- Cleft lip and palate: A deficiency in vitamin B6 and folate has been linked to an increased risk of cleft lip and palate, which are birth defects that affect the baby's face and mouth.
- Congenital heart defects: A deficiency in vitamin B12 during pregnancy has been linked to an increased risk of congenital heart defects, which are structural problems with the heart that are present at birth.
- Limb defects: A deficiency in vitamin A during pregnancy has been associated with an increased risk of limb defects, such as missing fingers or toes.
- Eye defects: A deficiency in vitamin A during pregnancy can also increase the risk of eye defects, such as cataracts and blindness.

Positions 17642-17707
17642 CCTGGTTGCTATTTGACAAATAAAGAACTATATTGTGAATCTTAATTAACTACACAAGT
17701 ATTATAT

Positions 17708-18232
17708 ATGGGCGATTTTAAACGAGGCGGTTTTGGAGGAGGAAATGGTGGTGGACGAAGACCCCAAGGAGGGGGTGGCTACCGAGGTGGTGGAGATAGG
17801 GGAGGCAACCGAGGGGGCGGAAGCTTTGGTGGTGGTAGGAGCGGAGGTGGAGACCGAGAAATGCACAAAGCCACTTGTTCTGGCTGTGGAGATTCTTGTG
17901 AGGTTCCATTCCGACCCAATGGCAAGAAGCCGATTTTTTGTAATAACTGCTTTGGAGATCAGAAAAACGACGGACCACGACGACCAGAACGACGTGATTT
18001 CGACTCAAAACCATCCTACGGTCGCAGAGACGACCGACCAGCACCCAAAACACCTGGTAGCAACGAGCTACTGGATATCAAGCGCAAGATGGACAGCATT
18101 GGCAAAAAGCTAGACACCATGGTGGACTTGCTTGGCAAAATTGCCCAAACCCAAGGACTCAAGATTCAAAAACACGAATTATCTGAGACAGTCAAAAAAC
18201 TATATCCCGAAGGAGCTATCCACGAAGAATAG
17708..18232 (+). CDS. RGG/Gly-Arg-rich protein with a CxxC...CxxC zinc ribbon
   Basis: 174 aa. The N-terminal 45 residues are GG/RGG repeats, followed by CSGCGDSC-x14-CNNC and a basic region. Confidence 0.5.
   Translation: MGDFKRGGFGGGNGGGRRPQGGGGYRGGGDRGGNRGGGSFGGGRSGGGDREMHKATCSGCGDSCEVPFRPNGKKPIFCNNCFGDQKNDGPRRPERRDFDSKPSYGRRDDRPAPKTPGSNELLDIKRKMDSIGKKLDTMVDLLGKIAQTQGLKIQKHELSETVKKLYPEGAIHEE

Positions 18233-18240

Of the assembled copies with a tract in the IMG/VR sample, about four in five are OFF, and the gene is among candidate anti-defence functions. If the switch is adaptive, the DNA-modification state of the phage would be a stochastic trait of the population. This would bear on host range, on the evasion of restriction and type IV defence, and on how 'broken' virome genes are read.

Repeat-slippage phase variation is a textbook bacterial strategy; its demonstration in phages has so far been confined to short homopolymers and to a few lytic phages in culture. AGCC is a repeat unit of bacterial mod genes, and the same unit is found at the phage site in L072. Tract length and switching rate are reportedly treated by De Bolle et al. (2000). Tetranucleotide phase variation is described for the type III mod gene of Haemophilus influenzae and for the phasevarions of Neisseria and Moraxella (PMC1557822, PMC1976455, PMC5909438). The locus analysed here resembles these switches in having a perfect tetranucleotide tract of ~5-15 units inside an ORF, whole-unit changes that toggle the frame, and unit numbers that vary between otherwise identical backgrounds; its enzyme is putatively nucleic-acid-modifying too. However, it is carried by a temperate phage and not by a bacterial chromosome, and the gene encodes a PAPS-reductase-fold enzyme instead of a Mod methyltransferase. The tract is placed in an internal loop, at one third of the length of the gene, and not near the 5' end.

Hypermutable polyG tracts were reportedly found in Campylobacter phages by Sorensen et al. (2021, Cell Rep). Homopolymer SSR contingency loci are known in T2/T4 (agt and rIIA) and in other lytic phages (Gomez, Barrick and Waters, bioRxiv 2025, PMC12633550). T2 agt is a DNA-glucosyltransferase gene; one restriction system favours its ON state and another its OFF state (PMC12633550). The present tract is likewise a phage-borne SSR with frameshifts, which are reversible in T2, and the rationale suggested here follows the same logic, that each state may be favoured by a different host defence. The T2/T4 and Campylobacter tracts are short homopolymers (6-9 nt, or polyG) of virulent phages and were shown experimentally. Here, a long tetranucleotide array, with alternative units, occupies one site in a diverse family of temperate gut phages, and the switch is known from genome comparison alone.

It's important to note that vitamin deficiencies during pregnancy are not the only cause of these birth defects, and not all babies born to mothers with vitamin deficiencies will have these problems. However, maintaining adequate vitamin intake during pregnancy is important for the healthy development of the baby and can help reduce the risk of birth defects. Women who are pregnant or planning to become pregnant should talk to their healthcare provider about their specific nutritional needs and any supplements they should be taking.
Balancing DHA And Mercury
DHA is good for pregnancy and mercury is not, but they generally come from similar dietary sources. DHA is an omega-3 fatty acid that is found in high concentrations in the brain and retina of the eye.
During pregnancy, the demand for DHA increases as the baby's brain and nervous system develop rapidly. Adequate levels of DHA are necessary for the growth and function of these organs.